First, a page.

IAPA Midyear Meeting 2018

Medellín, Colombia

Press freedom suffered serious setbacks in this period due to the political crisis following the November general elections, there being reported numerous threats to and attacks on journalists, cameramen, photographers and news media offices carried out by demonstrators and security forces.

The attacks hurt journalists of national and international media, such as UneTV, Canal 6, Canal 11, Cholusat, Televicentro, HCH, Radio Progreso, Radio Globo, Univisión, Telesur, HispanTV, newspapers El Heraldo, La Tribuna, and La Prensa, among others.

The IACHR Office of Special Rapporteur for Freedom of Expression declared, "Honduras continues to be one of the most dangerous countries in the region to work as a journalist." Its report gives details of a large number of murders, attacks and threats against journalists and declares that the high level of impunity gives rise to self-censorship.

Between November and December the government declared a state of emergency with the consequent suspension of freedoms of assembly, meeting, circulation and expression. There were produced during that period attacks on and threats to media, murders and injuries to demonstrators due to the excessive use of police force. Some demonstrators were arrested and accused of terrorism, and the entry of foreign journalists was prohibited.

The European Union Electoral Observation Mission revealed an average of 64% of electoral propaganda (84% in newspapers) was paid for by the candidate of the governing party and the current President. The Mission noted the inequality between "the campaign of the National Party (PNH), at a great distance from the Liberal Party (PLH) and the Opposition Alliance" and a frequent confusion between the government and the National Party in the distribution of assets or benefits within the framework of state social programs, which gave rise to criticisms of discrimination in the resources on part of the government.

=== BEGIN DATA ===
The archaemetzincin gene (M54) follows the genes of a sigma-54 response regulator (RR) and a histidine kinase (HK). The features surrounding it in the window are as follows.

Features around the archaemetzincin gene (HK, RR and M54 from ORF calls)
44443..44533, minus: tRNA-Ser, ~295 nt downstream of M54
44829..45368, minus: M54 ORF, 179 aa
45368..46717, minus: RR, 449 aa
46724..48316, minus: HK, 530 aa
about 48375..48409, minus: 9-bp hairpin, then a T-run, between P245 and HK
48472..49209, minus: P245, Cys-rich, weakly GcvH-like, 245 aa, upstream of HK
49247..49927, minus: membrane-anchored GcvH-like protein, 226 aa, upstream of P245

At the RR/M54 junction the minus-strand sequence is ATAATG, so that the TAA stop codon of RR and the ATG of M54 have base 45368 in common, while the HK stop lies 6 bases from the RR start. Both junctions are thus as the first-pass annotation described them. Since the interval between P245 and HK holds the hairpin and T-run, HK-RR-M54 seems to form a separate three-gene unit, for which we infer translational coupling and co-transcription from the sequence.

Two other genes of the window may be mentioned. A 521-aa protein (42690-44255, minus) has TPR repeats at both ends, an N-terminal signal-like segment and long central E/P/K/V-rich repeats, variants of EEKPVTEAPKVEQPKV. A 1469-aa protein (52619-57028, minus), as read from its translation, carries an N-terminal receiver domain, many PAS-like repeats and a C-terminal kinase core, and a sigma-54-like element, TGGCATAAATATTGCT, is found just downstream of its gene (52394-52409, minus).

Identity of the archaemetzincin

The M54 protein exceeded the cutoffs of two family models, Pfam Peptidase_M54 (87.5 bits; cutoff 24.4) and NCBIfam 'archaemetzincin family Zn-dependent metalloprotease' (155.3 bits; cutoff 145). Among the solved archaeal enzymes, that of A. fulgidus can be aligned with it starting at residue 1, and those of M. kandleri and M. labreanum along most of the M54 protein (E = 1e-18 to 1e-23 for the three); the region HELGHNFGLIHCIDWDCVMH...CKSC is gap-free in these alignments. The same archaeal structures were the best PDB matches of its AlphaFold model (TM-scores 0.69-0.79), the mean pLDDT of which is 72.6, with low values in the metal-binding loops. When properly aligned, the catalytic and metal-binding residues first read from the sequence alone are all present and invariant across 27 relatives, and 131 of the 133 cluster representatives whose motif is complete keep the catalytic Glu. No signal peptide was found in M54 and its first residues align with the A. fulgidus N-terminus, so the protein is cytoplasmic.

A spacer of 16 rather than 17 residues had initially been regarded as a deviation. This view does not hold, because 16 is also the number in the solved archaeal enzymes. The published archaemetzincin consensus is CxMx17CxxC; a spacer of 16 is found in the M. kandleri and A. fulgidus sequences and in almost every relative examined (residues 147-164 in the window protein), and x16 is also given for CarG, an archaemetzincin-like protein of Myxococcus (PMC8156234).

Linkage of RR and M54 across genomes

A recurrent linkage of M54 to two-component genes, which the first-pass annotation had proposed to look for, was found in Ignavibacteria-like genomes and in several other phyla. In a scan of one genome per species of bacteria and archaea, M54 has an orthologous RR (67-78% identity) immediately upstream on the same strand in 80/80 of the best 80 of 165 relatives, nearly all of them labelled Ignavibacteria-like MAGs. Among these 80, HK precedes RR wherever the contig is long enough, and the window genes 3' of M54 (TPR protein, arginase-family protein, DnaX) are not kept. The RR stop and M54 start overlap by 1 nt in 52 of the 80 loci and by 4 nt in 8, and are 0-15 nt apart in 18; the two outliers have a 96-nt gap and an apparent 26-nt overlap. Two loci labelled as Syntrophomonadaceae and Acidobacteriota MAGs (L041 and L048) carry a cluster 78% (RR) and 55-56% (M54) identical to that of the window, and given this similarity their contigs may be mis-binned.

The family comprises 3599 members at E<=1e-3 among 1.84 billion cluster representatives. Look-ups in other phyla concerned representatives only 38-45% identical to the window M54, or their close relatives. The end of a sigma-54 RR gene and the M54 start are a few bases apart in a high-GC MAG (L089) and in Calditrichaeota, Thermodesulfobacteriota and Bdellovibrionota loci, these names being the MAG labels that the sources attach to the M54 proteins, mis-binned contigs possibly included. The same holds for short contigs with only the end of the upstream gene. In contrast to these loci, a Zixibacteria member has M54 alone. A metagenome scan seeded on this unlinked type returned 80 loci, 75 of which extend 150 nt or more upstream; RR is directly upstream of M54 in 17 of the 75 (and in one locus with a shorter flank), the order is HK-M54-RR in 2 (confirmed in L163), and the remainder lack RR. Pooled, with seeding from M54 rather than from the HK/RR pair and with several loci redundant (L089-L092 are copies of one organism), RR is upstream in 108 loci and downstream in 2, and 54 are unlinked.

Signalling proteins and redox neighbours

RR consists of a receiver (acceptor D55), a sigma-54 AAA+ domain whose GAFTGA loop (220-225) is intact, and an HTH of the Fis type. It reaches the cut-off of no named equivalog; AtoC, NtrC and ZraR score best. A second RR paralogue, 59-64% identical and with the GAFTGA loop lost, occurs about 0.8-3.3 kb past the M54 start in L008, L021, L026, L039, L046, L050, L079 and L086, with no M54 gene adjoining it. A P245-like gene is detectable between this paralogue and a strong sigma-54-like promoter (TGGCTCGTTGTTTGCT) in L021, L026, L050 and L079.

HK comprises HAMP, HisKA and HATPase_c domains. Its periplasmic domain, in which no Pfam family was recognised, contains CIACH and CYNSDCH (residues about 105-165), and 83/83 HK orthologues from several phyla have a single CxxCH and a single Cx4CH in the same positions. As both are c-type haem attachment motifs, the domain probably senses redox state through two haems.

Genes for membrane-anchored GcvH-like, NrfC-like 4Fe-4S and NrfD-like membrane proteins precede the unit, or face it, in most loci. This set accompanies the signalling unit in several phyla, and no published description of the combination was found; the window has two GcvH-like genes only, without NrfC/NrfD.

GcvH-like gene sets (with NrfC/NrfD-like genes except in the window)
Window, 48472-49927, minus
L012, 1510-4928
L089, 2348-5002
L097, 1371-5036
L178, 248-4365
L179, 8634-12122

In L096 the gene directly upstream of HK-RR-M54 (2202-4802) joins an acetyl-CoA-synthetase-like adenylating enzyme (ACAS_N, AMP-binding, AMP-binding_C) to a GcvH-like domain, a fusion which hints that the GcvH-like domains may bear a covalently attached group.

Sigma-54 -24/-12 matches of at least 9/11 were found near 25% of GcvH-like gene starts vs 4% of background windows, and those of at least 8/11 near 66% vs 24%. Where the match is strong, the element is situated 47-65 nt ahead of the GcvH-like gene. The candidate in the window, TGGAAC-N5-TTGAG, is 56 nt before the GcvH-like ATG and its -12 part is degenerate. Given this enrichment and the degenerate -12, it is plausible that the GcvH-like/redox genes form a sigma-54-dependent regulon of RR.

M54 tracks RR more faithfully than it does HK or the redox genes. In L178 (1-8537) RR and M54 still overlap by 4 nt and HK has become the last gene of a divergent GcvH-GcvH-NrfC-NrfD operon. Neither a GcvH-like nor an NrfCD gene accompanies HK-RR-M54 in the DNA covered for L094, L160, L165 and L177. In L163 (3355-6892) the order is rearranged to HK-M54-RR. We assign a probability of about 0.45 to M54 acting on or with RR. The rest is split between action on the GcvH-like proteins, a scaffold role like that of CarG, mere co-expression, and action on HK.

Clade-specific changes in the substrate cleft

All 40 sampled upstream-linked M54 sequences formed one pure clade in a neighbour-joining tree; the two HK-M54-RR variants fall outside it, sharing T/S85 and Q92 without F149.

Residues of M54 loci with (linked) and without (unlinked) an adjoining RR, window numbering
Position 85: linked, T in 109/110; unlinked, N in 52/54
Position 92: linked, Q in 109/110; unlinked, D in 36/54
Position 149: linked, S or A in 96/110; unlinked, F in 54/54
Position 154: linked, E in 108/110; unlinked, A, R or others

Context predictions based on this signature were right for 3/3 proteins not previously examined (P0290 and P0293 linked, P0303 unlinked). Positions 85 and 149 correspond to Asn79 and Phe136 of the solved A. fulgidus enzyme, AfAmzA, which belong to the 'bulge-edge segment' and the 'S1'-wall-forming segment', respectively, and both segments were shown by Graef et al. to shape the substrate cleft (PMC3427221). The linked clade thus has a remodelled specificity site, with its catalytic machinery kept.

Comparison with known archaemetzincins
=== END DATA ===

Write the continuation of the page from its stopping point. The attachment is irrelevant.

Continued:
The discretion that exists in the handling of official advertising and restrictions on public information comprise a perverse mechanism of indirect censorship. There remain in force laws that restrict access, such as the Law for the Classification of Public Documents Related to National Security and Defense and the National Intelligence Law.

A proposal of the Support Mission Against Corruption and Impunity in Honduras (MACCIH) to amend the Law for the Classification of Public Documents continues to be ignored by the Legislative Branch.

There continues in effect the criminalization of criticism of public officials about matters of public interest. This includes libel, slander and defamation, offenses with increased punishment under the Penal Code.

The Journalists Guild, among other organizations, denounced systematic hate campaigns against media and journalists disseminated through social media and websites, in the majority related to the post-electoral crisis. Several journalists denounced these campaigns before the Attorney General's Office, accusing agencies of the very government. The investigations had not yet produced results.